This month marks the 50th anniversary of Lesbian Gay Bisexual and Transgender (LGBT) pride traditions that began after the 1969 Stonewall Uprising (Library of Congress). The days-long uprising against police violence and discrimination toward the LGBT community was initially commemorated with a parade. Now, pride events span the entire month.
While Pride Month is a way to celebrate, it was also established to raise awareness about current issues facing the LGBT community. According to the DPI 2019 Wisconsin Youth Risk Behavior Survey Report, students who are lesbian, gay, bisexual, or transgender show consistently higher risks across YRBS topic areas including anxiety, experiencing sexual assault, and considering suicide.
Creating safe and supportive school environments for all youth, including those who identify as LGBT is essential for their educational success. The DPI Safe Schools for Lesbian, Gay, Bisexual, and Transgender Students web page provides information on how to create a safe and supportive school environment. Schools can:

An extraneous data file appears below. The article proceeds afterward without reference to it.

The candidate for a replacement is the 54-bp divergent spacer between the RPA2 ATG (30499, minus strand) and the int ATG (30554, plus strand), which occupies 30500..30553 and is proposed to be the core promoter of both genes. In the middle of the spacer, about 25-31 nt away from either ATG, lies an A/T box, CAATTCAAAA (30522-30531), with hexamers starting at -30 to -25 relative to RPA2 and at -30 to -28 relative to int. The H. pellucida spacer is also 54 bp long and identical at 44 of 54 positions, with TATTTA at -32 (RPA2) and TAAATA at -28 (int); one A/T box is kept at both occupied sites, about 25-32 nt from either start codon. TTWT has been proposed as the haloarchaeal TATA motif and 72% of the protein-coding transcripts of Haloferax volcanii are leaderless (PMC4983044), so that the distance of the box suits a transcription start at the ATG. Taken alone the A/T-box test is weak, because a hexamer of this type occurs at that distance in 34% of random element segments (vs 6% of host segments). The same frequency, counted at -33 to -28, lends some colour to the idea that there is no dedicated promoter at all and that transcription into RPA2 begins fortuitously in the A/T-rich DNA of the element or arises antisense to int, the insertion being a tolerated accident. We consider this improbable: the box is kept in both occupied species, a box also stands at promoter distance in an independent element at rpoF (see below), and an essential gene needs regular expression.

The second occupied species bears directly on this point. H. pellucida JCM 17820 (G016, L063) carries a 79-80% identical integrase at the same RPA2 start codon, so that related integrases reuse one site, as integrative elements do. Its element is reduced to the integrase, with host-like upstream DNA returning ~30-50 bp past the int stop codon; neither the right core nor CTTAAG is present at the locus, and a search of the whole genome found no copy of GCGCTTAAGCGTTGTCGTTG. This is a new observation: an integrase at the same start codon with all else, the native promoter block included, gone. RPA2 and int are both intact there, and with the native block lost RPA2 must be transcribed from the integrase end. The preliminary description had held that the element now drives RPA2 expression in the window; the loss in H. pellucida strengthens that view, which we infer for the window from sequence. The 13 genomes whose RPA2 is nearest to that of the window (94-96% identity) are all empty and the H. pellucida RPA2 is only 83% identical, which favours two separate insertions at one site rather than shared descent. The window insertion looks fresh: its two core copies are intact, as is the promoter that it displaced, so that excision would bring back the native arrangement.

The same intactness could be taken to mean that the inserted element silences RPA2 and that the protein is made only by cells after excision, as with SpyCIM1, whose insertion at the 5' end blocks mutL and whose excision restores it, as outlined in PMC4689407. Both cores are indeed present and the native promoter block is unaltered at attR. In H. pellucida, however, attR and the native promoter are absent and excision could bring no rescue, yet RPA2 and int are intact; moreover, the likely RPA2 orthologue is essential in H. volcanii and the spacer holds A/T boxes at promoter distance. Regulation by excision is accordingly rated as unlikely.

- Adopt school nondiscrimination and anti-bullying policies that enumerate or specifically include actual or perceived sexual orientation or gender identity or expression.
- Train teachers on how to intervene when harassment takes place.
- Create school-based support groups or clubs.
Information for following through on each of these research-based methods is outlined on the web page.
For more information, visit the DPI Safe Schools for Lesbian, Gay, Bisexual, and Transgender Students web page and the Family Acceptance Project website.
Library of Congress. n.d. “Lesbian, Gay, Bisexual, Transgender and Queer Pride Month.” Accessed June 2, 2020. https://www.loc.gov/lgbt-pride-month/about/